When a series of tornadoes caused widespread devastation across multiple states in December 2021, the images and videos were hard to watch. But even harder to imagine is the human toll and the reality so many in the storm’s path now face. In the town of Mayfield, Kentucky, home to about 10,000 people, it’s estimated as many as 1,000 homes were damaged or destroyed.
Tom Graham, Senior IT Developer for Marathon Petroleum, first saw the devastation from photos and videos shared on local and national news reports. Graham learned Samaritan’s Purse, an international relief organization he actively supports, was mobilizing a relief effort in Mayfield and needed volunteers. He knew he needed to do something.
“I’m not sure I had a choice,” Graham said. “All I could think of was just how close it was to Christmas, and that people there were hurting. When my daughter asked me how we could help, I told her we could give our money, or we could go down there and lend a hand.”
Graham and his daughter made the 500-mile trip from their home in Lima, Ohio, to Mayfield, where they spent five days clearing debris and providing support and comfort to the victims, many who had lost loved ones, friends and neighbors.
“When we first drove into town it was raining. We came in from the west, and it looked as if very little had happened,” Graham said. “As we approached the center of the city, the damage was all around us. It looked like a scene from a war or movie. It was difficult to process the sight that was in front of me. Nothing can prepare you for what we saw in person.”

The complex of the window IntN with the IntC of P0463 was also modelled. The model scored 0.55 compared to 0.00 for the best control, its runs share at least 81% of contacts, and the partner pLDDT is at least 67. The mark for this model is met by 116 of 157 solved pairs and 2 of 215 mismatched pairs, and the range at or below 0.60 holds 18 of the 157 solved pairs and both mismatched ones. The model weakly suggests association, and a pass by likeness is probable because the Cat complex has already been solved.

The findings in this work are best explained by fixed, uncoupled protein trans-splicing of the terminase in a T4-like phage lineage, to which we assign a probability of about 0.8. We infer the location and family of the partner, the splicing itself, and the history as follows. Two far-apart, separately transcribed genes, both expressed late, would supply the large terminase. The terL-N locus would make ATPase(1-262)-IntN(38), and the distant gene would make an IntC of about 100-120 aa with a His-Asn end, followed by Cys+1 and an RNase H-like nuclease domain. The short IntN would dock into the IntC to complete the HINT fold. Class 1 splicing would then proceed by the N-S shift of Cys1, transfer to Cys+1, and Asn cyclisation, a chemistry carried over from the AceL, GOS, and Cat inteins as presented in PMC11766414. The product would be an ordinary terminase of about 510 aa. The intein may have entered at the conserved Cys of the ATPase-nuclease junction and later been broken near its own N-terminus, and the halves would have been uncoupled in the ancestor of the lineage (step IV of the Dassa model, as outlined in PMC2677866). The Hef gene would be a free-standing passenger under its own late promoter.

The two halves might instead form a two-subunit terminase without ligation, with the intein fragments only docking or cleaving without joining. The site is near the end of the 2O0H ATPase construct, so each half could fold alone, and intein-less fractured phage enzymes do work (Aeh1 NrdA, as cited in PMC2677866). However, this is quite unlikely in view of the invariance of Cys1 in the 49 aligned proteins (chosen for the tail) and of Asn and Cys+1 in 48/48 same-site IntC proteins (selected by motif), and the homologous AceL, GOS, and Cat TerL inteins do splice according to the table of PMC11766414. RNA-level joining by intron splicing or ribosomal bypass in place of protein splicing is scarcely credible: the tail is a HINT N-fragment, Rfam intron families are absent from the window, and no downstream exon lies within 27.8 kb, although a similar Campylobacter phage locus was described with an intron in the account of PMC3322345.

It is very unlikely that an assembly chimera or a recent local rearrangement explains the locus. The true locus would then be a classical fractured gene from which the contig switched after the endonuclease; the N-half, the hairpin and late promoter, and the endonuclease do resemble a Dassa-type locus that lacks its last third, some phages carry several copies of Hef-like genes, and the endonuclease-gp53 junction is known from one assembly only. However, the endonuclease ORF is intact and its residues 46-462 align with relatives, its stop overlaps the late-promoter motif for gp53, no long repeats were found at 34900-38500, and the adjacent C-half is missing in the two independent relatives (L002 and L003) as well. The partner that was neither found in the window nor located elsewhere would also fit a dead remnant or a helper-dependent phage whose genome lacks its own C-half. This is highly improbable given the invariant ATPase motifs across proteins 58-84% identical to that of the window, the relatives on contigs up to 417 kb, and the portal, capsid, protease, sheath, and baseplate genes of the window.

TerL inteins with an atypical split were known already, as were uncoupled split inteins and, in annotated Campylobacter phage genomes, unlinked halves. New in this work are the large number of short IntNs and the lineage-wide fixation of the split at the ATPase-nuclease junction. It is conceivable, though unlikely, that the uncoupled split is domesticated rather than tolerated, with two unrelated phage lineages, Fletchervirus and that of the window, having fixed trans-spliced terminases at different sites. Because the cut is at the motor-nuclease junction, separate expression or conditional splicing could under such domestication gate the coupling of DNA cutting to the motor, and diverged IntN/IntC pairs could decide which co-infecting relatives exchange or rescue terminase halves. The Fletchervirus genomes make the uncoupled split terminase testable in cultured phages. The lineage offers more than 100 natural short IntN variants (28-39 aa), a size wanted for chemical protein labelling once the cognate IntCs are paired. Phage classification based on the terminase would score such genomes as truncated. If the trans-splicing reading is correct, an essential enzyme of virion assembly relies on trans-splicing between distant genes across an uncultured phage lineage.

Together the father-daughter team volunteered a combined 60 hours during the trip. “I don’t have the exact words to describe it all, but helping other people is a blessing to both the person helping and the person receiving help,” Graham explained. “I think the most moving thing to me is seeing strangers working together side by side to help other strangers.”
“I think the most moving thing to me is seeing strangers working together side by side to help other strangers.”
Graham said he could share countless stories of hope, kindness and generosity, but one story really stood out to him during one of their last days in town.
“We saw a mother and her young daughter standing along the sidewalk in front of their destroyed home grilling hot dogs for anyone needing a bite to eat,” Graham said. “That really hit us.”
Not far from there, the group of volunteers Graham was working with saw a shredded American flag in a tree.
“No way we were going to leave it there in that condition,” he said.
The group worked together to retrieve the tattered flag, folded it, and collected any pieces they could find and brought it to a local VFW.
Graham and his daughter met so many homeowners and volunteers from all over the country. Graham said those connections and the continued need for volunteers, even months later, is why he is already planning a return trip.
“Our work in Mayfield is unfinished. It was hard to leave even knowing others were stepping in to take our place. We left a piece of ourselves there.”
He doesn’t have an exact date set for his return, but he’s hoping it will be as early as this spring or summer – and he invites others to join him.
Graham’s story is just one example of how employees at Marathon Petroleum are passionate about giving time, treasure and talents to address the issues facing our world. In addition to volunteering, Graham made a monetary donation to Samaritan’s Purse to aid the ongoing relief efforts—a donation Marathon Petroleum matched through the company’s Employee Giving Program.